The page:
Florida Chamber Business Agenda
For the past decade Florida Chamber members have help set the Florida Chamber’s legislative agenda for jobs. Commonly referred to as the Florida Business Agenda, our jobs plan is based on input from our members, local chambers of commerce, association partners and research. This annual agenda serves as a blueprint for private-sector job creation and a guide for the legislature and Governor to leverage as they focus on securing Florida’s future.
2013 Business Agenda: Making Florida More Competitive
With Washington bogged down in uncertainty –the fiscal cliff fiasco, increased payroll taxes, a delayed sequestration decision, and a regulatory tsunami that is emerging from the Beltway – Florida has an opportunity to lead the nation in solving challenges that will make our nation more competitive.
The Florida Chamber’s Competitiveness Agenda includes:
- Tax Reform – Leveling the playing field for small businesses and Main Street through E-Fairness, and eliminating manufacturing equipment sales tax to help grow Florida-origin exports.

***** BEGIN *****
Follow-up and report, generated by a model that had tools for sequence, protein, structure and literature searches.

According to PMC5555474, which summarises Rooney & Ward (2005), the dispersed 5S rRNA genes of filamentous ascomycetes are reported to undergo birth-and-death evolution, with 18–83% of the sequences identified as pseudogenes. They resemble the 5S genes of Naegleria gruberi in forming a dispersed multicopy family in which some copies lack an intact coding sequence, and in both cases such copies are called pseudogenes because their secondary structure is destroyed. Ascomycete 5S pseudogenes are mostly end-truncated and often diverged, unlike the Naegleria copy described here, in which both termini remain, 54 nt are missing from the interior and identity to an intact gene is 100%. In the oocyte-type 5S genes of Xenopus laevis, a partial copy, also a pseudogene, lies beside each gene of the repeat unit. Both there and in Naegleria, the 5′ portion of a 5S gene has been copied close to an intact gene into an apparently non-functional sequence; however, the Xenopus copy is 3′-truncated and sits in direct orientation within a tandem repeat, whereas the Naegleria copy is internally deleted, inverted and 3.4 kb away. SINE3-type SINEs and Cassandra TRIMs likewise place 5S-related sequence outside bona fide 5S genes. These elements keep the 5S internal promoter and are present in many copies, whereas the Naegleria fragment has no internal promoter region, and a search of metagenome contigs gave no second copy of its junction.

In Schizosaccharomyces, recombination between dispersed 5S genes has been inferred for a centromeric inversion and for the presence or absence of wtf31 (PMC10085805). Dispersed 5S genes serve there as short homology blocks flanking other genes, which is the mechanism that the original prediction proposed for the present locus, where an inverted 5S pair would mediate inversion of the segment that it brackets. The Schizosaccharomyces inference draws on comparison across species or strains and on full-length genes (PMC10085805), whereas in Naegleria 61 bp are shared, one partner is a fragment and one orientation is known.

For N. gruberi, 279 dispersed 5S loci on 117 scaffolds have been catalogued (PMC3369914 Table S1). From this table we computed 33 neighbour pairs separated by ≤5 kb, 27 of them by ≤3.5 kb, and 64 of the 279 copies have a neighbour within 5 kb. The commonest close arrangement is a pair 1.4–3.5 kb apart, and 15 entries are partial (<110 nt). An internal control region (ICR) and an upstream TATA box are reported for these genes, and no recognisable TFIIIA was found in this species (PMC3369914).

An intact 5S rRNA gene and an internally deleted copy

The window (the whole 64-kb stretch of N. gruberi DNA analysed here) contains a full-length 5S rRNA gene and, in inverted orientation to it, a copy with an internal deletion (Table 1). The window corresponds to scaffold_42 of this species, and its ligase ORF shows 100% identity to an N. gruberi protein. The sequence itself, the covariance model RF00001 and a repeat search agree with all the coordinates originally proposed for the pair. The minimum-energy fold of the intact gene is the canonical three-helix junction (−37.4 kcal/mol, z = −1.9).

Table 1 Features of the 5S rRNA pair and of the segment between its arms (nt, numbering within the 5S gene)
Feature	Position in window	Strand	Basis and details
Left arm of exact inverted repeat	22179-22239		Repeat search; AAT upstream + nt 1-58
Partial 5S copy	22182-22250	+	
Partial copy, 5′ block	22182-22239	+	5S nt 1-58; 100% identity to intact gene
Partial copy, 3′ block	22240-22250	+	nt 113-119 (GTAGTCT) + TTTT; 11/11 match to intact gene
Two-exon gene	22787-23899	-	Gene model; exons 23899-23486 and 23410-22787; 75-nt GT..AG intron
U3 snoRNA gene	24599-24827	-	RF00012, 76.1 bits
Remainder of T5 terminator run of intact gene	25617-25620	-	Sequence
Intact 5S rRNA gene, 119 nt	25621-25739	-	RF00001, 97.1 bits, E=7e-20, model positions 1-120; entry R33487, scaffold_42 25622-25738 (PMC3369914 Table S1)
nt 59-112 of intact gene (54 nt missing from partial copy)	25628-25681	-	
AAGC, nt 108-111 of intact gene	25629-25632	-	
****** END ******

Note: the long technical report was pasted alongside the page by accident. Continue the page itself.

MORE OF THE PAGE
- Legal Reform – Improving Florida’s 41st worst legal climate which, studies show, could save $2.8 billion in legal costs and increase employment by as much as two percent.
- Business Climate Reform – Preempting special interests from creating a patchwork of local paid sick referendums, stabilizing and lowering workers’ comp rates that are artificially higher due to drug repackaging abuses, and reforming Florida’s broken property insurance system by addressing major systemic flaws in Citizens Property Insurance and the CAT Fund.
- Excellence in Education – Provide a globally competitive education by ensuring education readies Floridians for the 21st century economy, enhancing education options, preparing future generations for a changing workforce, and making Floridians competitive in the global marketplace.
- Quality of Life – While every state is dealing with the federal health care act, the Florida Chamber looks forward to being a part of the Florida’s debate. As we grow another six million people by 2030, Florida will need more healthcare professionals to pursue medical residencies. Additionally, Florida must repair its unfair medical malpractice system that’s causing doctors to choose other states to open their practices. The Florida Chamber continues to oppose the expansion of Las Vegas-style gambling.